Most people are familiar with the school shootings at Columbine High school in Colorado in April 1999, and the incident in Atlanta one month later. What they may not know is that violence is the second leading cause of death among adolescents (p. 9). Over three million crimes (about 11 % of all crimes) were committed in United States’ schools. Fifty percent of arrested criminals in America are teenagers (Day, 1996). Ten children under sixteen are killed every day by handguns in the United States (Silverstein, 1997, p. 9). What are the reasons for youth violence? What can be done to decrease the number of crimes committed by children or adolescents? This paper explores the portrait of a typical bully and a typical victim, and briefly discusses possible causes. The humanistic approach of the family as a possible cause for youth violence and prevention as a solution will be explored in detail. The paper closes with future aspects.
THE TYPICAL BULLY – THE USUAL VICTIM
Bullies can be found in every age, race, and sex. The usual bully can be characterized as confident and impulsive with low verbal intelligence. He displays a lack of empathy towards his victims. In general he is aggressive in his social environment and surrounded by a group of people who think in similar terms (p. 28). A male bully attacks his victims physically and directly, whereas the female bully assaults her victims in a more indirect and subtle way. A female bully may use languages such as spreading rumors in order to isolate the victim socially (p. 31). However, there is one common characteristic among male and female bullies which is the problematic interaction among the family members which will be discussed later in this paper. This results in the development of aggressive behavior from an early age on (Zarzour, 2000).
Trevor Romain (1997) added that bullies like to be in charge and drain the self-esteem of their victims (p. 7). Bullies harm people not only physically, but mentally and emotionally as well (p. 10). Bullies have a very competitive nature and do not like to lose. They will bend the rules to win (p. 20). Bullies also love power and feel superior when the victim starts crying (which is their ultimate goal) (p. 23). On the other hand bullies have problems making friends. Sharing, caring about others, and getting along with their environment are other difficulties (p. 12). They take their anger out on everyone and everything who is weaker than they (p. 14).
Who is a usual victim? Romain (1997) states that the victim is usually of the same age or younger than the bully. The victim tends to be an “anxious, sensitive, quiet, shy, or cautious” person (p. 16). To be physically smaller than the offender could be another reason why a bully especially chose this person to pick on (Romain, 1997). According to Kim Zarzour (2000), researchers have determined that 45 % of the studied children were found to be in both roles: bully and victim. Shyness and fear could be compensated with aggression, and kids who got bullied may take their anger out on weaker peers (p. 41). Zarzour (2000) admitted that it is not always clear why someone is chosen to be a victim for a period of a few days or for years (p. 72). While physical differences play an important role, it is usually not the only reason for bullying. In addition to the mentioned characteristics, the victim often feels stupid and unattractive, and usually considers himself as a loser or failure. The typical victim breaks out in tears, does not fight back, and does not report the bullying to adults such as teachers or parents (Zarzour, 2000).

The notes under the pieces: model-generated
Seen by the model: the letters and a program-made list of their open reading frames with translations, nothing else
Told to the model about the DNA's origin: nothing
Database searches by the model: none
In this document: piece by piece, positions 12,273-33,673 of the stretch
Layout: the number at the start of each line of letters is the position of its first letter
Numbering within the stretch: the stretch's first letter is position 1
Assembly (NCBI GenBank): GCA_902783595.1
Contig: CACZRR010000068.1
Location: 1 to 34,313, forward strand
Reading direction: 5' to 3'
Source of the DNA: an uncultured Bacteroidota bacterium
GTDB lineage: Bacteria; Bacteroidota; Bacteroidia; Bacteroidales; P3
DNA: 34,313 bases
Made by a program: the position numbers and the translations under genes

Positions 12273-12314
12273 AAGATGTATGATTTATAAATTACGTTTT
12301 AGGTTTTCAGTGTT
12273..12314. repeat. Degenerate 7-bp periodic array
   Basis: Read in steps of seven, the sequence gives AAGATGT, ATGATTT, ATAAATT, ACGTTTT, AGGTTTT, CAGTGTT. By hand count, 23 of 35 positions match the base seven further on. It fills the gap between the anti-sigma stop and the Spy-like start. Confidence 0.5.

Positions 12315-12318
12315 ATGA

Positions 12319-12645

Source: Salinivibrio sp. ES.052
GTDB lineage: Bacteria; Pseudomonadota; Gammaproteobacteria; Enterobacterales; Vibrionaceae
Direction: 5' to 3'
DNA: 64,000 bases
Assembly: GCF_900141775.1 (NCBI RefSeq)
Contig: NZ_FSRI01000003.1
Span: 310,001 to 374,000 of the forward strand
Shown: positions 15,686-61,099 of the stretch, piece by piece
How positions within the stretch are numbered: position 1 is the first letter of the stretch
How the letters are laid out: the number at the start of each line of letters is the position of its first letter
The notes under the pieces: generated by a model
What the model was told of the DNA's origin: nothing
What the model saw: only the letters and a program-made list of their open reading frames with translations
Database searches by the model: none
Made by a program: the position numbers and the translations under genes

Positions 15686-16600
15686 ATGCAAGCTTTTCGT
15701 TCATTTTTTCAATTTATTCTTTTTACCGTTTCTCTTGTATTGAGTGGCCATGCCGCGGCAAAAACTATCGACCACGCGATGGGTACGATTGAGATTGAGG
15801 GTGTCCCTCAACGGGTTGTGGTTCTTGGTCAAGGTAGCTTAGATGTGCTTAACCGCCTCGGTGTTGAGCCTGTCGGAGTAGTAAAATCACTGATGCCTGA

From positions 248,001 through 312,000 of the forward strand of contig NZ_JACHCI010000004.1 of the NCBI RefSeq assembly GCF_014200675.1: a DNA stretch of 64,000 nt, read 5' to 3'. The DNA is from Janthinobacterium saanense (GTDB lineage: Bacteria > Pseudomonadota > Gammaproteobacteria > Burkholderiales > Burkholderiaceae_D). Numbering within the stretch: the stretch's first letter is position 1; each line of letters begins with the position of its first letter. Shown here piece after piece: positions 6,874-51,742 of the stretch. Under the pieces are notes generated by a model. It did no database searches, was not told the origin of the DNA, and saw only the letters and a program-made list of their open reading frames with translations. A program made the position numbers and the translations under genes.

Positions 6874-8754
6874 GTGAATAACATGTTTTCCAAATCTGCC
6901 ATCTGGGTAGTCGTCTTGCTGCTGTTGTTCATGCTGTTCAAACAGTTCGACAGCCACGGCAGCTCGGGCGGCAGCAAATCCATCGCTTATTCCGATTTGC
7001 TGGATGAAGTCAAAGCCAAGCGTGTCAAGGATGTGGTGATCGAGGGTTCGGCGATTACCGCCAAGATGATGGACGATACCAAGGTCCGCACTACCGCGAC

What bullies, victims and many other students have in common is their feeling that their parents don’t care. The children and teenagers of today fell frightened, lonely, and they face “a tremendous amount of pressure and temptation” (Vaughn, 2001). If the child feels abandoned and neglected it develops a hole in the heart. This hole makes them numb and careless of what happens. Kids who lash out and kill “have damaged souls unable to connect with love to the world around them” (Pennington, 2003).
According to Maslow’s Hierarchy of Needs the need for safety is not met. Safety needs are one step above the physiological needs. They are made up of “physical security, stability, dependency, protection, and freedom from such threatening forces as illness, fear, anxiety, danger, and chaos” (p. 494). In times of threats such as injuries, natural disasters, war, or accidents, these needs become activated. Threats from fellow peers fall into this category, too.
Other areas of the Hierarchy of Needs that could help explaining youth violence are the striving for love and belongingness. If the urge for acceptance and friendship does not get satisfied or only partly, loneliness and emptiness will occur. Kids become outsiders. Another hurdle is the esteem need. Self-respect, confidence, acceptance and status (recognition from others), competence, and self-esteem are included in the esteem needs. Inferiority and discouragement take place when this specific need is not satisfied (Feist & Feist, 1998). Kids who are outsiders and feel like losers, and who live in an environment that feels unsafe to them can be seen as being at risk to become a bully or a victim or even both.